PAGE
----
Following its prolonged struggle amid low market demand for compact cars, Mini is preparing to enter a new age with the upcoming release of its all-new electric vehicle, the Cooper SE.
Expectations are high for the model, which will be Mini’s first mass-market pure EV. The electric Mini E released a decade ago is considered by the brand as a highly limited, pilot-project model.
In a recent reporting of BMW Group’s sales and forecast, outgoing chief executive Harald Kruger revealed the company has already received more than 40,000 pre-orders of the electric car. This shows promising demand for the model compared to the 44,000 units cumulatively sold by the automaker across its lineup in the United States for the entire year of 2018.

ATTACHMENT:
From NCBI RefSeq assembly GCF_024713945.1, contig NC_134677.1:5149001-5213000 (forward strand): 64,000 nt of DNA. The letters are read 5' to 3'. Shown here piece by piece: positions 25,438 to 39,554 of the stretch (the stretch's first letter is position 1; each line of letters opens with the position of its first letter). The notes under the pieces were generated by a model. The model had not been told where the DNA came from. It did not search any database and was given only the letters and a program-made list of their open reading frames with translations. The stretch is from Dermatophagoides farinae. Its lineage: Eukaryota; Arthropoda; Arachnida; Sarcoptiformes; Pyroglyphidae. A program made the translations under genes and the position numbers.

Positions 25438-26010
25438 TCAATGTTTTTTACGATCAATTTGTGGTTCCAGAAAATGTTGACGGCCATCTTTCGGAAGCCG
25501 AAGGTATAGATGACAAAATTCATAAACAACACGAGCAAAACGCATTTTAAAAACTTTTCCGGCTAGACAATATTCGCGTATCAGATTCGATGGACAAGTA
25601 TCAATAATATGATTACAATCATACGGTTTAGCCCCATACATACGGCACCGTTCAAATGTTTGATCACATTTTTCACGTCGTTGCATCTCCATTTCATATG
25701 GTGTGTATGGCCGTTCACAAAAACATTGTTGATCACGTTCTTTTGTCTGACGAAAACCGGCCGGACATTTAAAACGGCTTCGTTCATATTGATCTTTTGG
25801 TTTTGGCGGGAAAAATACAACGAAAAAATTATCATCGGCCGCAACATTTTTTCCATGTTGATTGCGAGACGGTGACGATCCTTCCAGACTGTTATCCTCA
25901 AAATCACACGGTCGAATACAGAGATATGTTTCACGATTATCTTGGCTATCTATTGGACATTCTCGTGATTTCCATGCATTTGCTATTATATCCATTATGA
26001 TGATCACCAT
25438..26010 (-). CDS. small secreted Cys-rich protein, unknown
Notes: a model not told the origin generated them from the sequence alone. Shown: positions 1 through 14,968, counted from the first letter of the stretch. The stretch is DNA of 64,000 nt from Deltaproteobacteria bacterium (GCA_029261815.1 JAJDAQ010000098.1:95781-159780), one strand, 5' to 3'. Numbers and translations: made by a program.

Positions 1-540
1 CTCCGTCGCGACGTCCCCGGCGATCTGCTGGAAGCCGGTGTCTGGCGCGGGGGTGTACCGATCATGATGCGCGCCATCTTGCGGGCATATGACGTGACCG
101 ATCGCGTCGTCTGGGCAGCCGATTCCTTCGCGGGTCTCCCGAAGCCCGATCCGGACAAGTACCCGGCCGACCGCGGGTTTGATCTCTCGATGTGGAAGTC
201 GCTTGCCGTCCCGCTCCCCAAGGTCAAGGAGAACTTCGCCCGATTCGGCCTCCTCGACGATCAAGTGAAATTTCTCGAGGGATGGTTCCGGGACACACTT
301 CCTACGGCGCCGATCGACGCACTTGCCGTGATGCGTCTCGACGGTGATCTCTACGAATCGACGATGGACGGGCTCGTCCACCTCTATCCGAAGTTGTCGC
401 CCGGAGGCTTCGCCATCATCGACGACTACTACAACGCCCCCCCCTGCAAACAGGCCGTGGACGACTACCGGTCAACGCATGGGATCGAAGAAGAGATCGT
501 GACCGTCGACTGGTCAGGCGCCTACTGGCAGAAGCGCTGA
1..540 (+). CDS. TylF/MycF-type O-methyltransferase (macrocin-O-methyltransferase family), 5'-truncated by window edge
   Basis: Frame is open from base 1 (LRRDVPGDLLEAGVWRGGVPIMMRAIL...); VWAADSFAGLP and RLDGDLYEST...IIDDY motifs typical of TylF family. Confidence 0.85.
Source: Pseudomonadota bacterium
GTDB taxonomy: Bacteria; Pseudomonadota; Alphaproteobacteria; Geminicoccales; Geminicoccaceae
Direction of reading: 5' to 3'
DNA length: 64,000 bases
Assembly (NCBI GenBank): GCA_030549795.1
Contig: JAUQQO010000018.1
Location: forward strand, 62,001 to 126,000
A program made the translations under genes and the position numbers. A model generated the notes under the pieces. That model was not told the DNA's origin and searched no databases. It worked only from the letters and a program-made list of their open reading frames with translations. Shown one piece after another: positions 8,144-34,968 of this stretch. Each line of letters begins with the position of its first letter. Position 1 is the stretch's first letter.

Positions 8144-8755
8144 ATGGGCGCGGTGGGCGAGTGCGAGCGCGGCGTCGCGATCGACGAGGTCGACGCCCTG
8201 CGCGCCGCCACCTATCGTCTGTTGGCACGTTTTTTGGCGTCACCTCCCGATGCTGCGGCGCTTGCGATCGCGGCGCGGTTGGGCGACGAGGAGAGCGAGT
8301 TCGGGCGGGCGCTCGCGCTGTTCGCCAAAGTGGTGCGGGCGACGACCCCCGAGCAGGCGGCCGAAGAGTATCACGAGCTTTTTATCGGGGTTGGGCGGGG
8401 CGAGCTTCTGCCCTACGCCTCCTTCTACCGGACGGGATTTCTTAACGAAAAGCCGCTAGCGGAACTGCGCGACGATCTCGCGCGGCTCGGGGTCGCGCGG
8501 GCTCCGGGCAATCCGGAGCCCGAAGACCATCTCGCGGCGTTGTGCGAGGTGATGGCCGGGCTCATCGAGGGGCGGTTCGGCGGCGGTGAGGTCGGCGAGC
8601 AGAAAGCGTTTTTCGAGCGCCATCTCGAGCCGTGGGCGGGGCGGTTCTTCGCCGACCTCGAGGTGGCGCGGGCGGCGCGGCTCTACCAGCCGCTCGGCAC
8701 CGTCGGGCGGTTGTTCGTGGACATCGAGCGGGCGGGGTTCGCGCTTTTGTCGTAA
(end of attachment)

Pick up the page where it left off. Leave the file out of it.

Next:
The Cooper SE is based on the three-door Hardtop hatchback that makes 181 horsepower and is powered by a front-wheel-drive system. It can reach 62 mph within 7.3 seconds from a standstill and is projected to travel about 170 miles on a single charge, according to European standards.
Other than these, Mini remains tight-lipped on other specifications of the Cooper SE. What is confirmed so far is that the model will be built in the United Kingdom and will eventually be exported to the United States sometime in 2020. Production is scheduled to begin in November.
Meanwhile, the brand will also continue to offer the plug-in hybrid version of its Countryman crossover, which is expected to arrive in 2020 with a bigger battery. The Cooper SE Countryman All4 will be offered with a 1.5-liter turbocharged inline-three engine, electrically assisted to make up to 221 horsepower and 284 lb-ft of torque.
According to the company, the future is looking bright for the plug-in Countryman with its sales up by 50 percent in the first half of 2019.